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We Will Die Tomorrow, We Survived Yesterday, So Let's Have Fun!

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Our ancestors of the fourteenth saw and survived one of the worst mass extinctions of our species in its three million years of evolution. Between 1333 and 1352, more or less, a plague like none ever seen before of after ravaged almost all of the northern hemisphere, killing at least half of humankind, plus scores of animals of various species that were also affected.The Black Death, as it became known soon afterwards was so terrible and lethal that complete families, farms and villages were utterly exterminated. It was, in fact, as if someone had thrown upon the world the worst mass destruction weapon ever devised. Mortality was so high in some areas that there were not even survivors left to dig graves to dispose of the death: there was no one to care for farm animals, crops or the economy. However, there was no famine: the plague killed some many people, so fast, that the need for food decreased accordingly with the abandonment of agriculture and commerce, at the same pace.

And within such a context all of them, Buddhists, Jews, Muslims and Christians saw their minds and faiths to falter. God had punished the world, or at least, he had abandoned it. For people who lost all their friends, relatives and neighbours there was no yesterday to remember, and as they waited to be hit by the disease, for them there was no tomorrow either. So it was only natural for them to think that they should not bother anymore with matters of religion and morals. So crime soon went on the rise, as well as all sorts of 'dissolute' forms of fun, like making jokes - Bocaccio's 'Decameron' is the result of that, for example, embarking on bizarre business ventures and of course, gambling. People could only find solace in having a little fun while they still could, a fact that is indeed a very valuable survival lesson in front of situations that have simply no solution at all; this should be remembered if someone finally uses WMDs upon fellow human beings.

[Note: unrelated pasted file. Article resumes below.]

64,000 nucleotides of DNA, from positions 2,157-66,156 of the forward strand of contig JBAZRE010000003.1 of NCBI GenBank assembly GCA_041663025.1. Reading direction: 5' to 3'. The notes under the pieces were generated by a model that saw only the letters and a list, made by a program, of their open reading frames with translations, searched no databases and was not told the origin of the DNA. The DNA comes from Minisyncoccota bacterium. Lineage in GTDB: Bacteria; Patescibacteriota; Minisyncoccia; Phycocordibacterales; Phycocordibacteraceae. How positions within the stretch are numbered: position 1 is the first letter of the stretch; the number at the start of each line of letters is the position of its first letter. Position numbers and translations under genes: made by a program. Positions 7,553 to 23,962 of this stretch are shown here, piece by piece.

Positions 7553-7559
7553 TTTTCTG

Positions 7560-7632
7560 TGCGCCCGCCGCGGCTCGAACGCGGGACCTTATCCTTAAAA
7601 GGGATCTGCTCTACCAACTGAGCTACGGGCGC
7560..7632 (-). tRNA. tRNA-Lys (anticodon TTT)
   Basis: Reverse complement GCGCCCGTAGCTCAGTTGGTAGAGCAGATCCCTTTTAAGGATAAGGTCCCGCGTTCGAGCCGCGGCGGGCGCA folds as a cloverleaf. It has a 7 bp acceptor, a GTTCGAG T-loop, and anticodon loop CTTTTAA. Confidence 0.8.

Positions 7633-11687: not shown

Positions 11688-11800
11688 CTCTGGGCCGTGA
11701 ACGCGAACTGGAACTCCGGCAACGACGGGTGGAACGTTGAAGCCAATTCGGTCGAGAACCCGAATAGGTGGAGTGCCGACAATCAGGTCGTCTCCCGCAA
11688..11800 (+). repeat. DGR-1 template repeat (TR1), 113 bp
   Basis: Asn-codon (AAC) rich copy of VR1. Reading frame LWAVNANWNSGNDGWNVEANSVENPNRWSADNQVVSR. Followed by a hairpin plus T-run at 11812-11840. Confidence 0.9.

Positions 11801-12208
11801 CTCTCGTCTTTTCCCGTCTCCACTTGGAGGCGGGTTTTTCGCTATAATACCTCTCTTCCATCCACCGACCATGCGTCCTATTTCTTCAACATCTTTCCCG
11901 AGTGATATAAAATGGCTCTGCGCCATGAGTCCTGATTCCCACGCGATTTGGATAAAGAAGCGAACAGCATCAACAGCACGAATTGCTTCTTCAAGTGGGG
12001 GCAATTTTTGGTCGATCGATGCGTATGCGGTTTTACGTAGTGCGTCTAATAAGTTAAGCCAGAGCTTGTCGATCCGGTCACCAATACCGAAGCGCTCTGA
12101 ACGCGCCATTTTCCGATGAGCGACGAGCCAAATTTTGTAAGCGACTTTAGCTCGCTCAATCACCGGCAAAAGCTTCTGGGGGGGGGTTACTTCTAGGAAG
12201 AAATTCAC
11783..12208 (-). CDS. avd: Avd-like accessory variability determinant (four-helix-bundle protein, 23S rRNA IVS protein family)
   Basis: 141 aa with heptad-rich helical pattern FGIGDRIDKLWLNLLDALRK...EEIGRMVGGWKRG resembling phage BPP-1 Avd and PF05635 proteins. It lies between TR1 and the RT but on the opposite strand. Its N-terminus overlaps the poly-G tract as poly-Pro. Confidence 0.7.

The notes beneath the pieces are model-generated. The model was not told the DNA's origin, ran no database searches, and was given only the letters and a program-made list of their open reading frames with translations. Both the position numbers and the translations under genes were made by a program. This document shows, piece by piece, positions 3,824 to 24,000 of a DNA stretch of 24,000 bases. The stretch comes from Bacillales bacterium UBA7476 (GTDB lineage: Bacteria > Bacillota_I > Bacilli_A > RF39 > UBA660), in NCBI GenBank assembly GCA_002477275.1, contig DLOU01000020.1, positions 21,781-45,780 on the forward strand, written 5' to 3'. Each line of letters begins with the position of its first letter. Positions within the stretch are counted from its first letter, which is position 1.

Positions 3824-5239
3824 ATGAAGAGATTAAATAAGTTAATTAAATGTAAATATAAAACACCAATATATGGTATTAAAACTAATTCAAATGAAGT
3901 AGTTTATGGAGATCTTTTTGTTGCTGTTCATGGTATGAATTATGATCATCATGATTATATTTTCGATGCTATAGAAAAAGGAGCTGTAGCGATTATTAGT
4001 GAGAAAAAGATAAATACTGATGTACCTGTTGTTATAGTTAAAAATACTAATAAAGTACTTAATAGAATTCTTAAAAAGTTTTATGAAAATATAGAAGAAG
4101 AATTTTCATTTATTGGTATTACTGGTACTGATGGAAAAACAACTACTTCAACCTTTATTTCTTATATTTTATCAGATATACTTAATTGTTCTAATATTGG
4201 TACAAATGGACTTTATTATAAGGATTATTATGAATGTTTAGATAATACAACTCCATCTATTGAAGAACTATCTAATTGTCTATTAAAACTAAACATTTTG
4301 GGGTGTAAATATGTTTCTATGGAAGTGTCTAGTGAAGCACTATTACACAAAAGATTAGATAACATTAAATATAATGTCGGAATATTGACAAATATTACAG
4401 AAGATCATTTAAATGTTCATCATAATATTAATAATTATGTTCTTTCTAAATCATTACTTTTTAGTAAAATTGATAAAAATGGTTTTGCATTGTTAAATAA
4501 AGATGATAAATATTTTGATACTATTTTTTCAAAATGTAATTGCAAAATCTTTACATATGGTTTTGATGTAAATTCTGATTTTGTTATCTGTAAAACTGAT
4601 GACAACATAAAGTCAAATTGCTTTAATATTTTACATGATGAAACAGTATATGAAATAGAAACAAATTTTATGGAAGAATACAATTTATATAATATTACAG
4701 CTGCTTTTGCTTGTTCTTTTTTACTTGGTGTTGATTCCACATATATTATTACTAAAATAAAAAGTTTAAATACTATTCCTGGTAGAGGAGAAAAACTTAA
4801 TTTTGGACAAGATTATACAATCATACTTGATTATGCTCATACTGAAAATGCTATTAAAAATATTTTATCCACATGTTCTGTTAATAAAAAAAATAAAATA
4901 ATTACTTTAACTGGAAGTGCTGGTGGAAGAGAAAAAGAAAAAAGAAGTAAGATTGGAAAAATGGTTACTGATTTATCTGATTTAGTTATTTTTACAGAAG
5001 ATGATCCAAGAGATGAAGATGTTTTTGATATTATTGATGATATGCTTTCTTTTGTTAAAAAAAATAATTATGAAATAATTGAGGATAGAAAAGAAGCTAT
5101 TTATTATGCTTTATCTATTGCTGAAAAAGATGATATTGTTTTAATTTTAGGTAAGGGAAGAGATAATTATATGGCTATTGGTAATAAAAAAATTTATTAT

The aftermath of the plague in the whole world known to Europeans then went on a cultural revolution that today may seem us small, but the change of minds among medieval people led Europe to the renaissance, religious reform and major social changes. It is widely considered that this fourteenth century plague was really the end of the middle ages. Gambling became a very sound business, especially for the state and - surprisingly? - the Church itself, for all the methods and ways that they had prior to the plague to collect money by means of taxes were destroyed: there was no people to labour the cottages that paid taxes, and there were no descendants to inherit the things left, so no inheritance taxes could be obtained either; and even medieval authorities knew that they could not force the survivors to pay more for they would annihilate the remnants of society.

So kings, nobles and the clergy went on lifting bans of all sorts - including some that allegedly existed until the end the end of times - on gambling. The passion for games of all sorts could have finally disappeared after so many years - over ten centuries - of medieval doctrines of religious devotion; nevertheless, the Black Death came and revived all what priests have fought against in this regard, and soon they found themselves in need of making good use of betting money. In this sense, our modern culture that many times rejects gambling owes its survival to a handful of dice and card games.

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